Illustration by H.M. Brock (1903)

Also, the renowned Jaggers, who informs Pip of his unexpected fortune and elaborates on the future legal procedures, was first seen in Miss Havisham’s house.

“The stranger did not recognize me, but I recognized him as the gentleman I had met on the stairs, on the occasion of my second visit to Miss Havisham. I had known him the moment I saw him looking over the settle, and now that I stood confronting him with his hand upon my shoulder, I checked off again in detail, his large head, his dark complexion, his deep-set eyes, his bushy black eyebrows, his large watch-chain, his strong black dots of beard and whisker, and even the smell of scented soap on his great hand” (p. 106).

Possibly Pip’s biggest and most credible clue is that Matthew Pocket, who is appointed as his tutor, is Miss Havisham’s cousin.

“Ah! I caught at the name directly. Miss Havisham’s relation. The Matthew whom Mr. and Mrs. Camilla had spoken of. The Matthew whose place was to be at Miss Havisham’s head, when she lay dead, in her bride’s dress on the bride’s table” (p. 108). From Pip’s viewpoint, if having one of Miss Havisham’s direct relatives tutor him isn’t proof enough that she is his generous patron, what other proof is there?

If anything else is needed to further convince him, Estella tells him while they are out together, “We have no choice, you and I, but to obey our instructions. We are not free to follow our own devices, you and I” (p. 207). This strengthens Pip’s belief that not only is Miss Havisham his patron, but the old dowager also means to bring him and Estella together—which makes the actual truth all the more surprising and devastating.

Several of the characters appear bad at first, but end up changing for the better. Starting with Mrs. Joe, Joe’s first wife and Pip’s older sister and guardian, she appears as nothing more than a cruel and abusive warden who harasses her husband and punishes her brother dearly even for something as simple as wandering about in the churchyard where most of their family is buried.

“My sister, Mrs. Joe Gargery, was more than twenty years older than I, and had established a great reputation with herself and the neighbours because she had brought me up ‘by hand.’ Having at that time to find out for myself what the expression meant, and knowing her to have a hard and heavy hand, and to be much in the habit of laying it upon her husband as well as upon me, I supposed that Joe Gargery and I were both brought up by hand” (p. 5).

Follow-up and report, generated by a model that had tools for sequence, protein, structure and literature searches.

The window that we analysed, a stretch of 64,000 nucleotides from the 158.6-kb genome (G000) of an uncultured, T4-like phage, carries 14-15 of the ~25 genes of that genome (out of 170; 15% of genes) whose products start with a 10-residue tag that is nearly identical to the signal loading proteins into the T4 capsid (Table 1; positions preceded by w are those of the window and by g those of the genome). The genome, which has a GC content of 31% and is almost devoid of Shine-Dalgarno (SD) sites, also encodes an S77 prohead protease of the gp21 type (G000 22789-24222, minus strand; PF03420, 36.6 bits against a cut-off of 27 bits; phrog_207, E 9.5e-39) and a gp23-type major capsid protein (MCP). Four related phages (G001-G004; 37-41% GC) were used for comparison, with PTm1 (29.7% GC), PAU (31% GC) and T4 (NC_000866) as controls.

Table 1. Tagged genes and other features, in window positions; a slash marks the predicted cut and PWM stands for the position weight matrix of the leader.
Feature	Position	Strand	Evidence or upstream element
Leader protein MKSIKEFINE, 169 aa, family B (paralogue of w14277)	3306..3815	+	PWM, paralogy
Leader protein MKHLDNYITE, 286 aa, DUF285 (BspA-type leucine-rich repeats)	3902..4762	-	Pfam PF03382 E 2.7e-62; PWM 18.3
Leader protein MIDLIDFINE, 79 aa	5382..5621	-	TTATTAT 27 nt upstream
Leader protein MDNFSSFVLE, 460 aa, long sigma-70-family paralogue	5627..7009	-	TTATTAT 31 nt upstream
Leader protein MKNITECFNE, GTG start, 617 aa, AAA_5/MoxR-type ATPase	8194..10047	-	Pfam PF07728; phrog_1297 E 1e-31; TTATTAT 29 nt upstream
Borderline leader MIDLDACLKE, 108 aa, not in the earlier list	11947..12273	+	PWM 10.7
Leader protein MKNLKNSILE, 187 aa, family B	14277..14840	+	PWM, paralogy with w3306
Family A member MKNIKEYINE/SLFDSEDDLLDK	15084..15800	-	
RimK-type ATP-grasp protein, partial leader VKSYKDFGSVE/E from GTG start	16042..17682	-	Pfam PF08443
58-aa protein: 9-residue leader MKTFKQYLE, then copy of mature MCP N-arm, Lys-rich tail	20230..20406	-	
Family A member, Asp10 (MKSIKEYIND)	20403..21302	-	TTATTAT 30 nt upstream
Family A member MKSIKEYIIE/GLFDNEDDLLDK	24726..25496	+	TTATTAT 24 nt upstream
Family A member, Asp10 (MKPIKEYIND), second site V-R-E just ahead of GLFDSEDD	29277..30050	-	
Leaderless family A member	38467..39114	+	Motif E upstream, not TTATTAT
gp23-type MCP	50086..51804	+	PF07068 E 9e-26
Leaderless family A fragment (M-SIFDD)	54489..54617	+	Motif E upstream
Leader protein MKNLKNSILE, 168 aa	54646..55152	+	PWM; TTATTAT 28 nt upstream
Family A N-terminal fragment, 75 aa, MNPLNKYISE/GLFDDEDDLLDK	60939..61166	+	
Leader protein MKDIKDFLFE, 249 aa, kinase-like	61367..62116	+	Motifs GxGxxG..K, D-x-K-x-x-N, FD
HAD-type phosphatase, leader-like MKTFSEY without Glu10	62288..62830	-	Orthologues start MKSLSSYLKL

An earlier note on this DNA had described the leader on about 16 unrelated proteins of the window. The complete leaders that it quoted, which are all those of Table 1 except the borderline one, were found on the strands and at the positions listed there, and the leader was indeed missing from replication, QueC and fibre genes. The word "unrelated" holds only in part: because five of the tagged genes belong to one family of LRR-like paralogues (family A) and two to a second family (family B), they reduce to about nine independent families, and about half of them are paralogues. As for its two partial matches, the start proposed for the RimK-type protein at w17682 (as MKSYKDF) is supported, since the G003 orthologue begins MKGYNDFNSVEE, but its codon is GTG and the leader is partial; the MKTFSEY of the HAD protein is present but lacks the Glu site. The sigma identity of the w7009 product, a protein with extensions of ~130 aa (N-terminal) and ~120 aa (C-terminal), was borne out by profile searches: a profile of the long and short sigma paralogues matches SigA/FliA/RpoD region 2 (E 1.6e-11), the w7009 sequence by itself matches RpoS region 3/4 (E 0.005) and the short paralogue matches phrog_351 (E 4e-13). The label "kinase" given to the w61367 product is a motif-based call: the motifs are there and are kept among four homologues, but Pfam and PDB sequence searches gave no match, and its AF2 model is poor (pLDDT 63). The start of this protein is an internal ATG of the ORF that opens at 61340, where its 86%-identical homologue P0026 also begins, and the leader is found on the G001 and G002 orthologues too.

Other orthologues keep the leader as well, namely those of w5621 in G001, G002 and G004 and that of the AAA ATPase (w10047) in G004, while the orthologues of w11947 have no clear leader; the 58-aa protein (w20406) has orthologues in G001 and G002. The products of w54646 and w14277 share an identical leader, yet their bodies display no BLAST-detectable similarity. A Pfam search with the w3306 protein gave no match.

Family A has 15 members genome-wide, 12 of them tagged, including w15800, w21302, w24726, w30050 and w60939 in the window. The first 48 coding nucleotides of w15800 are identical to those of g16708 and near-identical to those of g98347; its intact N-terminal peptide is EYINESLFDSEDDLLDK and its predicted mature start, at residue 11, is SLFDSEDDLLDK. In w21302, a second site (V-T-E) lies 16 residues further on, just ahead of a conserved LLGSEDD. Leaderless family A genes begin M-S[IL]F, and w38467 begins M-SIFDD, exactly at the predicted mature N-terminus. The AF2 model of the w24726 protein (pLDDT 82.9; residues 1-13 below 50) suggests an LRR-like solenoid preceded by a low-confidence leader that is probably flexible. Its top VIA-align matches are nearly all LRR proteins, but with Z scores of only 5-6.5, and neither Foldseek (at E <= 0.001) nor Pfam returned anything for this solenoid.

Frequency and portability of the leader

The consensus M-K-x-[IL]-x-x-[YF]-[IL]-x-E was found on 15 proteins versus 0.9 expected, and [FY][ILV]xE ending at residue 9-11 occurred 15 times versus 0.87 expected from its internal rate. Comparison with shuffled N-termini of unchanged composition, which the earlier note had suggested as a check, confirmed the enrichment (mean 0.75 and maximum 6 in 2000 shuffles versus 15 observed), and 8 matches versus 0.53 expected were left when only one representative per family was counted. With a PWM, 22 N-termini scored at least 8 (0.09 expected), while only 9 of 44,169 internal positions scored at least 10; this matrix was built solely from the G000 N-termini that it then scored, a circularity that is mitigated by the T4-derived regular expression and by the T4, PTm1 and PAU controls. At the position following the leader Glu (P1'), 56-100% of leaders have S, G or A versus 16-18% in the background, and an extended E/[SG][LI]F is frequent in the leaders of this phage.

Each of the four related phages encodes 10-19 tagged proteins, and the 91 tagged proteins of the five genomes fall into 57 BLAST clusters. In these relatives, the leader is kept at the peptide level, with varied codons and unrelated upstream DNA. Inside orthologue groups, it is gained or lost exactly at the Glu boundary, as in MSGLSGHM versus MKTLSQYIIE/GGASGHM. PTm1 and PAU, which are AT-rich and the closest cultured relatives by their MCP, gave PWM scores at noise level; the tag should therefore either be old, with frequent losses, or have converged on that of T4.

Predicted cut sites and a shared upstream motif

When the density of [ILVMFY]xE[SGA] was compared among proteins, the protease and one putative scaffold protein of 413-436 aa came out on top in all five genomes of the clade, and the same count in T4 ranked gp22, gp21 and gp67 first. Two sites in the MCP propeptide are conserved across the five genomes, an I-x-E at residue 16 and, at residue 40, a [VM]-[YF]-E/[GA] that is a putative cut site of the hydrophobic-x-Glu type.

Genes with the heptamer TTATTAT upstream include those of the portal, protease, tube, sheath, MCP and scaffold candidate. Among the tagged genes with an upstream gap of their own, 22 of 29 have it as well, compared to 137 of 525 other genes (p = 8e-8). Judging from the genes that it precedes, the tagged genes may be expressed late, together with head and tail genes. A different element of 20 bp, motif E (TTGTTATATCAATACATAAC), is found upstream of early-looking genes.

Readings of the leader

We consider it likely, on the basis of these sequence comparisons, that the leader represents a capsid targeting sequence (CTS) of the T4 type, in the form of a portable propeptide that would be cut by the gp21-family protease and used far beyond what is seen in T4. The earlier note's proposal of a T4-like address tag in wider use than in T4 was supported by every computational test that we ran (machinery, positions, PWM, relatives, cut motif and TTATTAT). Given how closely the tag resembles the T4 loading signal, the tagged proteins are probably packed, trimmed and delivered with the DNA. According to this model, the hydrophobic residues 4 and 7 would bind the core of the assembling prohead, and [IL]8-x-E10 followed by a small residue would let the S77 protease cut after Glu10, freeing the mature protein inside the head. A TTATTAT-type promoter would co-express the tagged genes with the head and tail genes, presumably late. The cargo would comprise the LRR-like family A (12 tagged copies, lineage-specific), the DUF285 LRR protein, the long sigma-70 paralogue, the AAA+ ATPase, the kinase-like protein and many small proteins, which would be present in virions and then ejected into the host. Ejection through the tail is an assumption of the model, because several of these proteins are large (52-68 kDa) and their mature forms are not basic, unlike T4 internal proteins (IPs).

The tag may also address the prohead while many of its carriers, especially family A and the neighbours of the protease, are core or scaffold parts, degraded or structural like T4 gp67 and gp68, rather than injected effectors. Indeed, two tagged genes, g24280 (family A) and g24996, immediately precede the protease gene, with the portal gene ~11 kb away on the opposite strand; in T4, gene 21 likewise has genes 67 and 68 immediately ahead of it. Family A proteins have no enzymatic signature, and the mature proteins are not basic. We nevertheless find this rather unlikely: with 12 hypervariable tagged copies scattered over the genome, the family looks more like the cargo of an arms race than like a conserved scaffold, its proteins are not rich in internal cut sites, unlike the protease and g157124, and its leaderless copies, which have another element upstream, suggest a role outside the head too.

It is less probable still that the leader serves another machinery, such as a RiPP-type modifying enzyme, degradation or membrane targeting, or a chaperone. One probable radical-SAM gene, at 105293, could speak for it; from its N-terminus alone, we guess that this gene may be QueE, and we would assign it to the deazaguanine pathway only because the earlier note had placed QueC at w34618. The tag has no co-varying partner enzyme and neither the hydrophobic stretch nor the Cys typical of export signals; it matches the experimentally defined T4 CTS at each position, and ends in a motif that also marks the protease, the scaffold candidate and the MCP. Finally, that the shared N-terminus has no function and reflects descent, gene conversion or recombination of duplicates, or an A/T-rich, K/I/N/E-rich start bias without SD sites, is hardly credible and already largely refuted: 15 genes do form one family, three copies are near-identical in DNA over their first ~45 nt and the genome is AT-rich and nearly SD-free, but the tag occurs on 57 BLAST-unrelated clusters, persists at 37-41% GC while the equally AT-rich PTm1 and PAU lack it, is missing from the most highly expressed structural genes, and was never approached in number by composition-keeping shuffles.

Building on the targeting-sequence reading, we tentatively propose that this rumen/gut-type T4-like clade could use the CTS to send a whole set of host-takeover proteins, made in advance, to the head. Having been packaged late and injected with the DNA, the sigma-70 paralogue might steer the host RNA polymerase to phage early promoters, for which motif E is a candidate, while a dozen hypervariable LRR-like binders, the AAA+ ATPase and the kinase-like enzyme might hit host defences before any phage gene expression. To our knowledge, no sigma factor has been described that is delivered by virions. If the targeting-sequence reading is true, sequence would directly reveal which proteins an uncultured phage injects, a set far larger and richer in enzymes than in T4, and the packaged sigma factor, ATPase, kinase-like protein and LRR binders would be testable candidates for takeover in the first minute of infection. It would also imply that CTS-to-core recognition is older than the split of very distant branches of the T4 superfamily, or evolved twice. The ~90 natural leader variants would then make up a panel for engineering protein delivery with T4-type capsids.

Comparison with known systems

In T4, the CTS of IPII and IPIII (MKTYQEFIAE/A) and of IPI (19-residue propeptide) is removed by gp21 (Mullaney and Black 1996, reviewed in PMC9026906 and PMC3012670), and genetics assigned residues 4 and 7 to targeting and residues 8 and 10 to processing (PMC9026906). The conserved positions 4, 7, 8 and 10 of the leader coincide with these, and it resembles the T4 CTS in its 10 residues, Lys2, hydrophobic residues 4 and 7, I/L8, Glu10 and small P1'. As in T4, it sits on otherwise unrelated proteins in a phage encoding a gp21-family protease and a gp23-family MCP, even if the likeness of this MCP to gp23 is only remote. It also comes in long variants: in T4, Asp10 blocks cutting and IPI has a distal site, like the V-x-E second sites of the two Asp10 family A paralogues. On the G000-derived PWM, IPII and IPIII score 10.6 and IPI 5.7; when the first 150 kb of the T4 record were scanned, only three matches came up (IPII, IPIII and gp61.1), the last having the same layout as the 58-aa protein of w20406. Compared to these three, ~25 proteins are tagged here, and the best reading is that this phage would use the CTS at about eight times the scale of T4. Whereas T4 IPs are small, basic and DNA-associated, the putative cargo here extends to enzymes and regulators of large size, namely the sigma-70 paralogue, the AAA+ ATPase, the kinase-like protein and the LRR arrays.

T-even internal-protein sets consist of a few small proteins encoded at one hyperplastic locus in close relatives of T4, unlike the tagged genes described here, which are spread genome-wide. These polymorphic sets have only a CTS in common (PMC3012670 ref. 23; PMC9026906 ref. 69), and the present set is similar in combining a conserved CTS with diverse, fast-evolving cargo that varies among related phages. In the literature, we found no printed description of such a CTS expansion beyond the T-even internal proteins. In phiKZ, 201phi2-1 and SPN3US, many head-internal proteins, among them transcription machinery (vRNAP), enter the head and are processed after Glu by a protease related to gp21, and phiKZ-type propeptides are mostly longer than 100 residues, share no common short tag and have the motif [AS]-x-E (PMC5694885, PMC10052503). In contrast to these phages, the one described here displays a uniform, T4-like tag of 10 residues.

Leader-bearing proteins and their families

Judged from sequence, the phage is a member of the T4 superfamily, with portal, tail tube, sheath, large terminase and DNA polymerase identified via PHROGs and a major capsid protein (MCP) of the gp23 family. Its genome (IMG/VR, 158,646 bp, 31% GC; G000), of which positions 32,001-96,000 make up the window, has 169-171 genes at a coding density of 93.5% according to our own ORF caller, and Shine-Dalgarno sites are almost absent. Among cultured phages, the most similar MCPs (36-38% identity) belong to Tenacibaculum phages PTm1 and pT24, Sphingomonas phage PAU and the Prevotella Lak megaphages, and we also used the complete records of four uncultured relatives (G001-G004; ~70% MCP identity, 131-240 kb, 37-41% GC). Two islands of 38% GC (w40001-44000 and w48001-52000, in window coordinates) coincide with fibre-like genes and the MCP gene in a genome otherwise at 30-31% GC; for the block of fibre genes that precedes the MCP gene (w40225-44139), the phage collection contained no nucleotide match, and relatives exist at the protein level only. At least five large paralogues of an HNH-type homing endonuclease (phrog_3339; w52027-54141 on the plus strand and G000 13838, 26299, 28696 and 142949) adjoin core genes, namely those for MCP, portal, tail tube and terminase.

Mrs. Joe’s character changes in a tragic fashion: Orlick hits her horribly about the head with an iron shackle, leaving her physically and mentally impaired.

“Her sight was disturbed, so that she saw objects multiplied, and grasped at visionary teacups and wine-glasses instead of the realities; her hearing was greatly impaired; her memory also; and her speech was unintelligible. When, at last, she came round so far as to be helped down-stairs, it was still necessary to keep my slate always by her, that she might indicate in writing what she could not indicate in speech” (p. 95).

Despite this terrible tragedy, not all the changes in Mrs. Joe are entirely bad.

Pip elaborates, “However, her temper was greatly improved, and she was patient. A tremulous uncertainty of the action of all her limbs soon became a part of her regular state, and afterwards, at intervals of two or three months, she would often put her hands to her head, and would then remain for about a week at a time in some gloomy aberration of mind” (p. 95).

The woman is essentially transfigured from a screeching, violent, virulent creature to a quiet, mellow, and docile creature.

Illustration by F. A. Fraser

Miss Havisham also undergoes a most remarkable transformation in a most unfortunate manner. Upon realizing just how cruel she had been to Pip and Estella, how she had caused so much pain in a hopeless attempt to alleviate her own pain, the old woman is literally consumed with guilt and grief.

Much as he’s hurting, Pip can’t help but pity her. “That she had done a grievous thing in taking an impressionable child to mould into the form that her wild resentment, spurned affection, and wounded pride, found vengeance in, I knew full well. But that, in shutting out the light of day, she had shut out infinitely more; that, in seclusion, she had secluded herself from a thousand natural and healing influences; that, her mind, brooding solitary, had grown diseased, as all minds do and must and will that reverse the appointed order of their Maker; I knew equally well.